Lack of match opportunities raises question about Japan's place in end of year European rugby tournament
Earlier this week, it was confirmed that Fiji and Japan would likely join the Six Nations sides in a four-week rugby tournament to end the year. With little rugby on the horizon for much of the Japanese squad, however, there’s concern that the competition could be a bridge too far for the undercooked Brave Blossoms.
The Six Nations sides will naturally be populated from players who play in the Gallagher Premiership, PRO14 and Top 14 competitions. At last year’s World Cup, the vast majority of Fiji’s squad was also comprised of players involved in those same competitions. Japan’s players are primarily contracted to Japanese Top League sides, however.
While the Northern Hemisphere club competitions are set to resume in August and September, the Top League won’t return until January of next year.
With the one-off end of year competition set to kick off in mid-November, the European-based players will have two to three months worth of club rugby matches under their belt before they’re called upon to play international fixtures.
That puts Japan in a difficult position, however, as there’s nothing on the horizon for their players except for a long pre-season.
Japan coaches and some players still overseas and face issues coming back to Japan.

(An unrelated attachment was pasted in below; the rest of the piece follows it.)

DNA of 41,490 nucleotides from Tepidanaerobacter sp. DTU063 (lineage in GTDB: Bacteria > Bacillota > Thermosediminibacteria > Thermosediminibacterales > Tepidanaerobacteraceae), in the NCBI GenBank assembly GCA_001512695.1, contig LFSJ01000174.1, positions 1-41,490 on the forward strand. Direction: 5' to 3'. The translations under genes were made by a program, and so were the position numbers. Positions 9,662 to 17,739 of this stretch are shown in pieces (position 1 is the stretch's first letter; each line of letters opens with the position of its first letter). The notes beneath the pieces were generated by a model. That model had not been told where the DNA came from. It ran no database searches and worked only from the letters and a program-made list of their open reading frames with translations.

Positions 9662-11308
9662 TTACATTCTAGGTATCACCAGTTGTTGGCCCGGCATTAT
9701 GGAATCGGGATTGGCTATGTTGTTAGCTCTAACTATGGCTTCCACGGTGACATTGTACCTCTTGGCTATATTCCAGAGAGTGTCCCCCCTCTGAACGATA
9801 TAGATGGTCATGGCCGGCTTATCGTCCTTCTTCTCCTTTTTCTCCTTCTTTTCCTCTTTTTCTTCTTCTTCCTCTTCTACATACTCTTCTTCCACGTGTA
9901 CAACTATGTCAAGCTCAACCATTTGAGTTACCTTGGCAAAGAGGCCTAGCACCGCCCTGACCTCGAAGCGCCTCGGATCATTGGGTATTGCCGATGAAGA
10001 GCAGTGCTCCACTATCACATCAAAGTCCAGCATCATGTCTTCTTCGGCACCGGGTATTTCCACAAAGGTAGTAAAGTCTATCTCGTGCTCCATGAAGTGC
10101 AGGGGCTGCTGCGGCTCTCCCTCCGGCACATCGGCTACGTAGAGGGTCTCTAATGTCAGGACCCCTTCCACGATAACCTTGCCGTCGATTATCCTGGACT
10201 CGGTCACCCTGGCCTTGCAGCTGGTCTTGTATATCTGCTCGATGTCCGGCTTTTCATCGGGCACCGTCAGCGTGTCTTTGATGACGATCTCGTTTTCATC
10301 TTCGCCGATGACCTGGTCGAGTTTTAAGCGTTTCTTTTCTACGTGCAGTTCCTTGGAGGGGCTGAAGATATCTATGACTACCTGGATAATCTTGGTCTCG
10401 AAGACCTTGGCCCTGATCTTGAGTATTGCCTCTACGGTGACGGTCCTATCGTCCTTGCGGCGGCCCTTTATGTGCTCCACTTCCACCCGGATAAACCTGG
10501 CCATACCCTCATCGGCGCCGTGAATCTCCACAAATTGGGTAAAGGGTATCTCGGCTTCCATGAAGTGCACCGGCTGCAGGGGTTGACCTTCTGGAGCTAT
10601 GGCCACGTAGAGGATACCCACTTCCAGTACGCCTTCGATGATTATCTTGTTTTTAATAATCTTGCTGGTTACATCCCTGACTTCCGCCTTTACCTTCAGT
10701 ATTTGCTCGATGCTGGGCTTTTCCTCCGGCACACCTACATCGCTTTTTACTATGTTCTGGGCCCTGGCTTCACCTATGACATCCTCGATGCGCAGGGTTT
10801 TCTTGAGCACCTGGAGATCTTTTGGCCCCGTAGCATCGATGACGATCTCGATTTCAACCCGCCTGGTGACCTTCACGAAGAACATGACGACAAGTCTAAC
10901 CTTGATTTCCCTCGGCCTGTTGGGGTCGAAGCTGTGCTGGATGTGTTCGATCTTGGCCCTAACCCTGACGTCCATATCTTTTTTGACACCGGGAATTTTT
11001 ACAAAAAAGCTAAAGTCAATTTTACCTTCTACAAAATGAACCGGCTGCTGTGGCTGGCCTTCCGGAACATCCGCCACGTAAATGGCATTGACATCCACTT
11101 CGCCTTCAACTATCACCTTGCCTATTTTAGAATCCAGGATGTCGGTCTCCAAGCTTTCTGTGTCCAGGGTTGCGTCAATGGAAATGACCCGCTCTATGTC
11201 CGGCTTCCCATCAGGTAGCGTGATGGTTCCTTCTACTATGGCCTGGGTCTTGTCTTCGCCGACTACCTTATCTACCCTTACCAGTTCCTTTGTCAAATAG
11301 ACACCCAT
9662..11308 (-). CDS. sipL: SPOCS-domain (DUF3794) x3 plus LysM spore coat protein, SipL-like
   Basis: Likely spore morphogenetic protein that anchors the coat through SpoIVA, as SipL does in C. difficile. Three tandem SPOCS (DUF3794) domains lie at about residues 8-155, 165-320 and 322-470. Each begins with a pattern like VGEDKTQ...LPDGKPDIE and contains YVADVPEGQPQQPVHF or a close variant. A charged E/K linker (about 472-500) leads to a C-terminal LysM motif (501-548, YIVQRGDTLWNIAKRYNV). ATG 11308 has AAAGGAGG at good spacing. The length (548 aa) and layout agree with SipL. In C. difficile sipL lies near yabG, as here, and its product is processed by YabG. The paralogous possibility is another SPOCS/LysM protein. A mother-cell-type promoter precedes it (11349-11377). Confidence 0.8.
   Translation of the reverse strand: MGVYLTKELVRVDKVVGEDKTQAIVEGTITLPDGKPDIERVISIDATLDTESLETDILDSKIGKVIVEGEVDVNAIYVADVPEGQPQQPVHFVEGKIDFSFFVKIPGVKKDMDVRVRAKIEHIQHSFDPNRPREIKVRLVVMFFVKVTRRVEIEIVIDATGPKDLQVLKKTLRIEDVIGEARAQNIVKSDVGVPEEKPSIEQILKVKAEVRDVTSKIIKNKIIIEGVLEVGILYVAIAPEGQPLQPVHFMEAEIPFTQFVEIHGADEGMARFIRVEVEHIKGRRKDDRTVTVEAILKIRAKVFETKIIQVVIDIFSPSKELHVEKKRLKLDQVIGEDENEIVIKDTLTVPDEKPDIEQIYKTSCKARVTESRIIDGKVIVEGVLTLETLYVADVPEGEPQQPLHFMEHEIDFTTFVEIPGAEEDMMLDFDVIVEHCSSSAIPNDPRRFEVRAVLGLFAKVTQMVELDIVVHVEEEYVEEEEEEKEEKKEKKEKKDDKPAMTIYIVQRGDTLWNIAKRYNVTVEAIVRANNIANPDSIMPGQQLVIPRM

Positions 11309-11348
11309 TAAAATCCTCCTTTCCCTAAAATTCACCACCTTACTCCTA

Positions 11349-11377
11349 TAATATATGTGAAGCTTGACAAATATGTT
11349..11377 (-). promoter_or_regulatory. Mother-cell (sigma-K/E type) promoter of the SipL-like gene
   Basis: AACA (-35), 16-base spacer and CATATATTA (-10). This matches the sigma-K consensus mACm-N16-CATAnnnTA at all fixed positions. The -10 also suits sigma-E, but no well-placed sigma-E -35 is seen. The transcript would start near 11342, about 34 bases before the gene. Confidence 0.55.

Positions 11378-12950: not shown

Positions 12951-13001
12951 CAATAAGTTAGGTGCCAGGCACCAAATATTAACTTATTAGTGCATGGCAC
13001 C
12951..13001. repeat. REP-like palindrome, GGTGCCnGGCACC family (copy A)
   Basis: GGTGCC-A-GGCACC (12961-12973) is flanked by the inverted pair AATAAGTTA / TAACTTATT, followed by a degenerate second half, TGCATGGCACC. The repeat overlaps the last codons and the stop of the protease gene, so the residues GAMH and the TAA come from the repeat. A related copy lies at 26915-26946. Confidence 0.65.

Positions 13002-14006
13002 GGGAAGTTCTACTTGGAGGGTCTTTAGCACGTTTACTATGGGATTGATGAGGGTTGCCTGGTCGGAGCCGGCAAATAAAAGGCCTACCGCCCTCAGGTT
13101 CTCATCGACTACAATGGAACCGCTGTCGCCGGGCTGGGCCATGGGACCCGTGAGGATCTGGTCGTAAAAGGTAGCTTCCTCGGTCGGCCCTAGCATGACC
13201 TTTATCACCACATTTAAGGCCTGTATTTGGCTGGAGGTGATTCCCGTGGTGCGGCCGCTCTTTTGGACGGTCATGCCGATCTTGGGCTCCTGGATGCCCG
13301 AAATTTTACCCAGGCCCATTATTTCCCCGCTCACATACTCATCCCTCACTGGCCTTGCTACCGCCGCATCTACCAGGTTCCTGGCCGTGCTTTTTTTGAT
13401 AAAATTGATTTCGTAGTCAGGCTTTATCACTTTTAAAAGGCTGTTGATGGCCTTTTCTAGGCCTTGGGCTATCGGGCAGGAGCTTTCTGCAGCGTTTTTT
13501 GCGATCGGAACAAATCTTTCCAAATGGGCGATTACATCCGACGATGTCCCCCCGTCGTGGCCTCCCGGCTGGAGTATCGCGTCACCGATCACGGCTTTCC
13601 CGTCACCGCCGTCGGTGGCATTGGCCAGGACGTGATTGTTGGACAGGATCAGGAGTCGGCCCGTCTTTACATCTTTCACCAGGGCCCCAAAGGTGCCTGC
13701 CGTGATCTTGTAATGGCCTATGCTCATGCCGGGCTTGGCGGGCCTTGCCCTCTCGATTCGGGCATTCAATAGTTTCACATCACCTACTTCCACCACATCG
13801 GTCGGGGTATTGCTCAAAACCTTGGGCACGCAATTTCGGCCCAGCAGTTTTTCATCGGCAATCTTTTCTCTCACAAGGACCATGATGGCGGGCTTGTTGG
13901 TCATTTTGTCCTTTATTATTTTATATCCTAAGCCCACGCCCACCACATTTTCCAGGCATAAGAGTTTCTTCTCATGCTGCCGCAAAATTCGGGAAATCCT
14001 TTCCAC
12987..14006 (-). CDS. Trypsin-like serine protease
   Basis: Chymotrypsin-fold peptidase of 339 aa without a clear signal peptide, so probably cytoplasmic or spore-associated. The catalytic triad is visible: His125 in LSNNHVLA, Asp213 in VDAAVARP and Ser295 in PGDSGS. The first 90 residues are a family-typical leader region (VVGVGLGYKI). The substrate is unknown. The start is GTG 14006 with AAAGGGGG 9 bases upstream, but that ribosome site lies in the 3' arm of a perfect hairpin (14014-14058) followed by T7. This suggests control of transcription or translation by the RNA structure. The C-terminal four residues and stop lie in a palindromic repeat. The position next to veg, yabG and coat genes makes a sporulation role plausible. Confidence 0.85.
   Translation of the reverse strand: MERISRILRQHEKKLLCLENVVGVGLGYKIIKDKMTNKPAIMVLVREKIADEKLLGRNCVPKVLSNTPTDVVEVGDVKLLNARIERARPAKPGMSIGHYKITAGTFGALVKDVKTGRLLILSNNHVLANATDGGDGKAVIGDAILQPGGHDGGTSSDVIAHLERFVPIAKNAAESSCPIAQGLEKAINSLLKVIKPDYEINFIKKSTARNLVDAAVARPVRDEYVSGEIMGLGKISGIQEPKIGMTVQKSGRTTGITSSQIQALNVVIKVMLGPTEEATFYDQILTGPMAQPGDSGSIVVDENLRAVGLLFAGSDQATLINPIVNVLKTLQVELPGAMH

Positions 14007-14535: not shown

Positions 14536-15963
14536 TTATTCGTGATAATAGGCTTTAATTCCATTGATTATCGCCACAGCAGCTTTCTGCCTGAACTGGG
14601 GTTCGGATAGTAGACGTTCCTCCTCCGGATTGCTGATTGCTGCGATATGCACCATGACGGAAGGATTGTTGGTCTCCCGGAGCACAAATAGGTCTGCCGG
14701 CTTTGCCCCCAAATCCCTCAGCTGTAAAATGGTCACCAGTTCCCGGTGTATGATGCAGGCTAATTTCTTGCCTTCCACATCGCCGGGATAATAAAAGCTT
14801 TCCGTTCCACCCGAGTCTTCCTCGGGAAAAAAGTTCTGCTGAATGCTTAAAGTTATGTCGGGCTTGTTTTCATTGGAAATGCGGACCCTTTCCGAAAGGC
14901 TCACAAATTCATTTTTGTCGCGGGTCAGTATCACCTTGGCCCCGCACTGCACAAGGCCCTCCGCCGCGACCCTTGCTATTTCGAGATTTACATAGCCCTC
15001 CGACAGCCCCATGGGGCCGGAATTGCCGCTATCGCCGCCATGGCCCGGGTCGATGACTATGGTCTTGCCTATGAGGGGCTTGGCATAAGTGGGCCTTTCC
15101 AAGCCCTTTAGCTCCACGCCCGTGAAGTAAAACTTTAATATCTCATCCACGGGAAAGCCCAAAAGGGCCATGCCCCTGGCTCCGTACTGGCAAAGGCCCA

— Rich Freeman (@FreemanrugbyJPN) July 27, 2020
The Top League staggered to a halt in February, with two rounds of matches suspended before the whole competition was eventually called off due to the Coronavirus pandemic.
Unless the Japan Rugby Football Union can schedule some fixtures for their match-starved charges, then the Brave Blossoms will likely enter the Euro competition with zero match fitness to speak and possible zero chance of success.
The Japanese players are used to fronting for big matches without having played many warm-ups, however. Last year, the majority of Jamie Joseph’s World Cup squad sat out the majority of the year’s Top League and Super Rugby matches, instead spending weeks and weeks in camp together. When the team did play, it was primarily against Super Rugby development squads.
Come the Rugby World Cup, the Japanese side cleaved through their pool unbeaten and made the knock-out stages of the tournament for their first time.
If the end of year competition does go ahead, Japan will play matches against Scotland, Italy and France before playing one of the other four sides in the final week of the tournament.
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